*Treatment Still Harsh for Bulgarian Roma in France
By STEVEN ERLANGER
New York Times
In the last three weeks alone, the French police have dismantled Roma encampments in Saint-Denis, just outside Paris, and along the Var River west of Nice.
In Lyon, 200 Roma were temporarily housed in a gymnasium when someone set fire to their squat in a disused factory, killing two women and a 12-year-old.
President François Hollande’s Socialist government came into office a year ago promising a better deal for the Roma, also known as Gypsies, an end to the shantytowns and the rehousing and integration of those displaced. But like other promises, including a return to economic growth, reality has been a recalcitrant political partner.
Having criticized the previous center-right government of Nicolas Sarkozy for being careless with individual rights and flirting with the anti-immigrant far right, the Hollande government has done little to change policy toward the Roma. The interior minister, Manuel Valls, who has been praised for his organizational ability and toughness, has expelled at least as many non-French Roma as his predecessor and continues to order the police to dismantle illegal camps and shantytowns, without rehousing most of those displaced.
On Jan. 1, the rules will change, as Romanians and Bulgarians, seven years after entering the European Union, will have the same right to travel and work in member countries as others in the union. But that will not make them more welcome — most illegal Roma immigrants come from those two nations. Fanned by anti-immigrant and nationalist parties of the right and far right all over Europe, the coming change has led to new fears of a large influx of poor workers and criminals seeking to take jobs from citizens and benefit from lavish social welfare systems.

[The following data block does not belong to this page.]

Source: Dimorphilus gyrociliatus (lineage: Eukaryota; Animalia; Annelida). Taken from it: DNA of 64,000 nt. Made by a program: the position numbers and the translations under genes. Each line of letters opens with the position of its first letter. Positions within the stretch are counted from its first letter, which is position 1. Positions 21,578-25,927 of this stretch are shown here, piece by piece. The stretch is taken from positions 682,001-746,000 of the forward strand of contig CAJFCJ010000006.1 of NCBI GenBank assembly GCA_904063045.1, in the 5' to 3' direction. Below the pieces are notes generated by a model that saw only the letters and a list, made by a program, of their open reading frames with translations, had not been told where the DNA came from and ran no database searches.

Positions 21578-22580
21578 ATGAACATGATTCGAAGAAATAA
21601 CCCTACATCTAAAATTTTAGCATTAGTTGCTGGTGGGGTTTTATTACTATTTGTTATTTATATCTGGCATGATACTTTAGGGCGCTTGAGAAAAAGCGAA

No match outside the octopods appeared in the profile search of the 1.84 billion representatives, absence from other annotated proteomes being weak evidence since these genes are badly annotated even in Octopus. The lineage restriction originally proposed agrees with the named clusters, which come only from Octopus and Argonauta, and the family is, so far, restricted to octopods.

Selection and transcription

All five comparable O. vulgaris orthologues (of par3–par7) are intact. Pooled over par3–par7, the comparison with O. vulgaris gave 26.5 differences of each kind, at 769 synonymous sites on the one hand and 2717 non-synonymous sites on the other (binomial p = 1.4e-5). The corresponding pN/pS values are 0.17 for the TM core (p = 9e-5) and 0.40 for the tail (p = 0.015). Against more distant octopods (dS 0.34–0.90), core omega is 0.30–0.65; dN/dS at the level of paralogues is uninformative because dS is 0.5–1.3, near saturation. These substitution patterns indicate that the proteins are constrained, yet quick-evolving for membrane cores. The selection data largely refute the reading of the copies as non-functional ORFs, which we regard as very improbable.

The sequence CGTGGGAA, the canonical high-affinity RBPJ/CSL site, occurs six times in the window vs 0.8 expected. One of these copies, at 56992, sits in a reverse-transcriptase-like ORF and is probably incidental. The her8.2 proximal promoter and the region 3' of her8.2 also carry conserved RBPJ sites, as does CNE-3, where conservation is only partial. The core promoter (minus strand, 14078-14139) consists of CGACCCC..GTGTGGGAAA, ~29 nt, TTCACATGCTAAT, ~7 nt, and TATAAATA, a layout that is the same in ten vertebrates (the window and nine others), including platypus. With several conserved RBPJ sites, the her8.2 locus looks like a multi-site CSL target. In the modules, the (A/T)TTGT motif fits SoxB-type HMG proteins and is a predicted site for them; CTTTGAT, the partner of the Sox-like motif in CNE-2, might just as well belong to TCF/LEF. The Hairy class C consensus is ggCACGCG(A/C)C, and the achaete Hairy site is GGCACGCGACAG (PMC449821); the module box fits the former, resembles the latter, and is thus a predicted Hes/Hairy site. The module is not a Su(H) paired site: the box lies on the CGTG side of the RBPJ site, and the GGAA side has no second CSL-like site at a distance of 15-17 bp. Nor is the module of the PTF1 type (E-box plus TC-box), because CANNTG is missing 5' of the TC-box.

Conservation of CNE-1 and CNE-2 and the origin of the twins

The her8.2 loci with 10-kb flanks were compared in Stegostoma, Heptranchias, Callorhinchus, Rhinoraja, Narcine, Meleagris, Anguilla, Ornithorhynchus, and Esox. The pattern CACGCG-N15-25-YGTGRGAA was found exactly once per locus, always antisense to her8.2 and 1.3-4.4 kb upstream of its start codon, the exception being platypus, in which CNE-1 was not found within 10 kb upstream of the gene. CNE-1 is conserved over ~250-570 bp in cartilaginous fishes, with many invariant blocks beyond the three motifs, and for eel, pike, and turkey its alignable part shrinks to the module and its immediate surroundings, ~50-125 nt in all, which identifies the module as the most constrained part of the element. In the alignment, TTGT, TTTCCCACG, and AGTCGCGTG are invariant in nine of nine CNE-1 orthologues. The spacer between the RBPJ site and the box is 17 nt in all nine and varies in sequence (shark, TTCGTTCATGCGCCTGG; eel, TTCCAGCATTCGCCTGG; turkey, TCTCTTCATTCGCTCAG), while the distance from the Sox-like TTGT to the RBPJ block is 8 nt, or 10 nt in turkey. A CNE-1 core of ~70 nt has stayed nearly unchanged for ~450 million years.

“In principle, things are different in France, but in practice, things are pretty much the same,” said Dezideriu Gergely, the executive director of the European Roma Rights Center in Budapest. “We expected a different approach, to reduce social exclusion and economic problems, instead of taking a problem and moving it from one place to another.”
The complexity and tragedy of the problem are easily seen here in Paris at the Gare du Nord, one of the busiest transportation hubs in France. Near the third glass door from the left of the older building, young Roma men hover. Small, thin, often wearing bright clothing like green pants or a pink scarf, the men are prostitutes, looking for work or waiting for prearranged rendezvous.
Some are as young as 14, though they insist they are older; some are 16 and married, sometimes with children. They come from a community around Craiova, in south-central Romania. They troll the station to earn a living, which they say gets them about 100 euros a day, or $130.
A young man named Ruset said he was 19 and had left Romania as a child. He and his friends, like Bogdan, 17, and Gutsa, 17, whose wife is pregnant, “do business” at the station, he said; they live in a shantytown in a forest east of Paris, near the Noisy-Champs station on the suburban railway line. None wanted to have their family names used.
“France is terrible for us,” Ruset said, watching for the police, whom he called “superracist, hassling us all the time.” Echoing many of France’s estimated 20,000 noncitizen Roma, he said: “I would like to stay in Romania, but there is no chance to work there. France I liked well at the start, but today things are very hard.”
Despite the coming change in the rules, expulsions from France are increasing. In 2012, an election year, 12,841 citizens of Romania and Bulgaria, nearly all of them Roma, were deported from France, compared with 10,841 in 2011, an increase of 18.4 percent; 9,529 were deported in 2010, according to the Interior Ministry.